A short note on the topic of wood
by Christine Richter (CHARMS)
In July 2022 I went on a short visit to the City of Chiang Mai. Khun Nuchwaree Boonkumkrong was a kind guide through the city and region. We drove, walked, and visited people and places; and Khun Nuch not only introduced me to the city, its many temples and neighborhoods, but also guided us on a sort of mission in the search of wood. Inspired by Edmund de Waal’s “The White Road” (tracing the movements of porcelain) combined with my STS-ish inclination to follow objects and specific materials to untangle networks and infrastructural relations, one of my aims was to learn about wood: its uses in the city, people’s perceptions of the material, its meanings, where it comes from and where it goes, and, eventually even wondering about, what it actually is. While this journey remains a work in progress, this news post is a first, very brief, reflection.
What is wood: vine, branch, or trunk? Near Mae Kampong in the mountains east of Chiang Mai (Photo: Christine Richter, Fraunhofer IMW, July 2022).
The trade of teak wood has played an important role in the history of the region and, as in many places in Southeast-Asia, wood has long been an important construction material. But wood is much more than a trade commodity or construction material for houses and temples. It symbolizes urban progress, retaining the old in the new. We find it in fashionable elements on modern shops and coffee houses, serving young people as background for selfies, and on modern public buildings indicating status.
Coffeeshop on Huay Kaew Road in the modern Nimmanhaemin neighborhood (Photo: Christine Richter, Fraunhofer IMW, July 2022).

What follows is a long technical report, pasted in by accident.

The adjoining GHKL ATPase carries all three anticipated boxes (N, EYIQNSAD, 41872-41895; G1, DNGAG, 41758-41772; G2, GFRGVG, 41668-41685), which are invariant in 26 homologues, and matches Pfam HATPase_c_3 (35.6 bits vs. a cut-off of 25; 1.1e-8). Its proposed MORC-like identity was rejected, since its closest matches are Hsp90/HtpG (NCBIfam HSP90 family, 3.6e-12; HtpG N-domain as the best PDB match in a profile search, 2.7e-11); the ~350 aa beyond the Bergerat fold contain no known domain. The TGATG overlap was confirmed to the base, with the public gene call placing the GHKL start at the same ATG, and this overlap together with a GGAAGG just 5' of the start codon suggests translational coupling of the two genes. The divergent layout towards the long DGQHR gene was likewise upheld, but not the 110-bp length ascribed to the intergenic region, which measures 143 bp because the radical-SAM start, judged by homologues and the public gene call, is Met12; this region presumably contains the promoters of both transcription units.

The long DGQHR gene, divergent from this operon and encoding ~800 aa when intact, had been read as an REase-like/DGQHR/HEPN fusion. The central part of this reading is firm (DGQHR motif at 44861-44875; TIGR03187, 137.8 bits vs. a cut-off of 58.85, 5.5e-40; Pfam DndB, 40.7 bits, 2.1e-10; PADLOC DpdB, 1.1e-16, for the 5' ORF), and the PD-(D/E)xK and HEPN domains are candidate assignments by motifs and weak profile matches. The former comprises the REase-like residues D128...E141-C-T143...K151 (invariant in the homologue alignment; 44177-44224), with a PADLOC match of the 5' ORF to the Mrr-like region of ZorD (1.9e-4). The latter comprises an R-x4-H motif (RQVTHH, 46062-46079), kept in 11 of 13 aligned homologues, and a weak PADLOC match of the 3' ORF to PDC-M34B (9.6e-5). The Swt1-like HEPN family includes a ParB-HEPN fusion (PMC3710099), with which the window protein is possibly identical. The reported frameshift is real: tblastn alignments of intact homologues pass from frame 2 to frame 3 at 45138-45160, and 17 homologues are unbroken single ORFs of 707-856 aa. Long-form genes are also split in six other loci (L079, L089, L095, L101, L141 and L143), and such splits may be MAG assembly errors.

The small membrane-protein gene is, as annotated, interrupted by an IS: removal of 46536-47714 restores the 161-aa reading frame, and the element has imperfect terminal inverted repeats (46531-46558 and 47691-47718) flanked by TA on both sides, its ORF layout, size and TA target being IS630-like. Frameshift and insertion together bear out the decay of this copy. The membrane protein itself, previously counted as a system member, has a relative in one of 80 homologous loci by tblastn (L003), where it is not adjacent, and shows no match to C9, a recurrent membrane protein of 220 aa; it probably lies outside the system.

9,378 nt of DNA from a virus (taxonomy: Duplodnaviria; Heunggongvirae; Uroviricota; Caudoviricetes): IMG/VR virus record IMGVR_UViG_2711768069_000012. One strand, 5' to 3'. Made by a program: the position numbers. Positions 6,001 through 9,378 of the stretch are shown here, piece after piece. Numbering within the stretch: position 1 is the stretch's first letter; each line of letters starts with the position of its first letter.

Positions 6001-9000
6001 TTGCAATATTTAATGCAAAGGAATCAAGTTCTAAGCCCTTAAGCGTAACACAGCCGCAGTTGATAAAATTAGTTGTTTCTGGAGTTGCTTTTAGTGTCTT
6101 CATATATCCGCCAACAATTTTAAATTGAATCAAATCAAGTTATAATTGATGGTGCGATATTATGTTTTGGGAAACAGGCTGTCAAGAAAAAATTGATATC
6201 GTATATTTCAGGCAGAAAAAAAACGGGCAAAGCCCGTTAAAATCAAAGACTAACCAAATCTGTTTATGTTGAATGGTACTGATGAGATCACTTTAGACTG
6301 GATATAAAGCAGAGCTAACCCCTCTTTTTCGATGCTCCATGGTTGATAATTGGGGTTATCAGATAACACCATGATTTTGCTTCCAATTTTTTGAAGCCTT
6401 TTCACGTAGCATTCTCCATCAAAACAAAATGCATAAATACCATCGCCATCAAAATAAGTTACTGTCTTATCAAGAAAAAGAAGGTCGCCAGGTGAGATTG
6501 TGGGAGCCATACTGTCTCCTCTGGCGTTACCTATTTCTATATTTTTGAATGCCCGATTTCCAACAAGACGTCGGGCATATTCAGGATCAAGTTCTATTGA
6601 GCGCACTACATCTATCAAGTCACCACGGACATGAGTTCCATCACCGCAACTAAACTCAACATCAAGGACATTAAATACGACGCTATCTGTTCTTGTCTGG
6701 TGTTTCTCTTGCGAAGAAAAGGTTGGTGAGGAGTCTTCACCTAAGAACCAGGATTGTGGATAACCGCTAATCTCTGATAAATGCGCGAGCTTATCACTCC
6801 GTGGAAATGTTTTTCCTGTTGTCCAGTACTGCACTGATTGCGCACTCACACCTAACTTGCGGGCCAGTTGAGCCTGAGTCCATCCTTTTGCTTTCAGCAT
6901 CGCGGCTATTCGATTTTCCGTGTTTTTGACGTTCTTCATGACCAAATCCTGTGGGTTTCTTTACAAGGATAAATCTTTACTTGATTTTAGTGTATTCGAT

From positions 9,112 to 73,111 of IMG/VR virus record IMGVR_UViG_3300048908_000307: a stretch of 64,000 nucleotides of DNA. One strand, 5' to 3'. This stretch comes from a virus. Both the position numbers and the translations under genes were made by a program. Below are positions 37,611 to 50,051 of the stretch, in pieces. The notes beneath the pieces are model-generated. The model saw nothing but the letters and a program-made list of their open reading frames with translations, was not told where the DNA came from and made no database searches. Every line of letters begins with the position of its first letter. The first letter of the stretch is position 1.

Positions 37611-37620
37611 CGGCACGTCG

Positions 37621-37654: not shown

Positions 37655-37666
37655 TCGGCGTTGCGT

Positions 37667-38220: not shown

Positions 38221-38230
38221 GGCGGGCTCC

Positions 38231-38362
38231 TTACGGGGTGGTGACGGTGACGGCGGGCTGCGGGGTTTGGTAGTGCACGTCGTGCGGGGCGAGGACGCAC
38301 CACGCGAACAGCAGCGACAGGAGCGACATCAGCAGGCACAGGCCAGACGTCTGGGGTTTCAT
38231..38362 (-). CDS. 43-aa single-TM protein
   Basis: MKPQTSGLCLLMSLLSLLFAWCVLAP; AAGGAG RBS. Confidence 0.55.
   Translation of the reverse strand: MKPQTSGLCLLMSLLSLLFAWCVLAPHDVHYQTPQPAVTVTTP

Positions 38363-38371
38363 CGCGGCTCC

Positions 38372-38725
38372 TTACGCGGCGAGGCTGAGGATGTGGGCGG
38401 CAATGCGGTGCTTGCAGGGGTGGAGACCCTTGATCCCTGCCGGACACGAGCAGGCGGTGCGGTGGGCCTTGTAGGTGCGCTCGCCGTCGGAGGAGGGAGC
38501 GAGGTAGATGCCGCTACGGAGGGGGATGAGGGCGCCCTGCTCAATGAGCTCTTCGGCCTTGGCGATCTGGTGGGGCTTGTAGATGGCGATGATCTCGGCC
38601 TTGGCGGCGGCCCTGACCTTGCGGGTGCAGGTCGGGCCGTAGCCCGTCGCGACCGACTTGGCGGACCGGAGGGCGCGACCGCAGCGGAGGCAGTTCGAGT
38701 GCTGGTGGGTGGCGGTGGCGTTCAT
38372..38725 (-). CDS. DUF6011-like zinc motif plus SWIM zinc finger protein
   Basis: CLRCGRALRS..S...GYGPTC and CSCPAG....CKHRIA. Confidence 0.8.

At the same time, it represents an essence of the region’s culture and history, and a sustainable way of managing urban housing. Wood, in its various facets, including the light bamboo or the more permanent teak wood, drives the dynamic and complex interactions between the forest, the laws and policies that govern forestry, wood trading, construction, land use and planning, the skills and knowledge of wood craftspeople and the communities of carpenters, who pass on these sets of skills, the architects and cultural advocates, who work with and promote the use of wood in urban construction, the residents of the city, who live in modern or older wooden houses, and to whom the wooden walls of their homes may contain decades of family history. Wood helps to create and maintain a sense of community and belonging in neighborhoods and is associated with memories, a specific atmosphere and smells, but it also constitutes an urban-economic factor, quite literally migrating across the city, with homes being torn down and rebuilt elsewhere, as land prices, land uses and location preferences across generations change.
Remembering craftsmanship and methods in vernacular wood construction: Inside the Lanna Traditional House Museum (Chiang Mai University), one of the illustrations depicting various stages and elements of house construction (Photo: Christine Richter, Fraunhofer IMW, July 2022).
As such, talking about wood also opens new ways to understand the varied perceptions of (cultural heritage) preservation in the context of a northern Thai city, because while being a historically important and culturally significant material wood is at the same time associated with notions of impermanence and temporality.
I am about to go for another visit to Chiang Mai in March 2023 to conduct a number of Q-sort interviews to learn about residents’ various views about the preservation of wooden buildings for residential uses. Although Q-sort interviews are highly structured, I am quite sure that – branching out a bit – we will also learn more about the many meanings of wood in the city.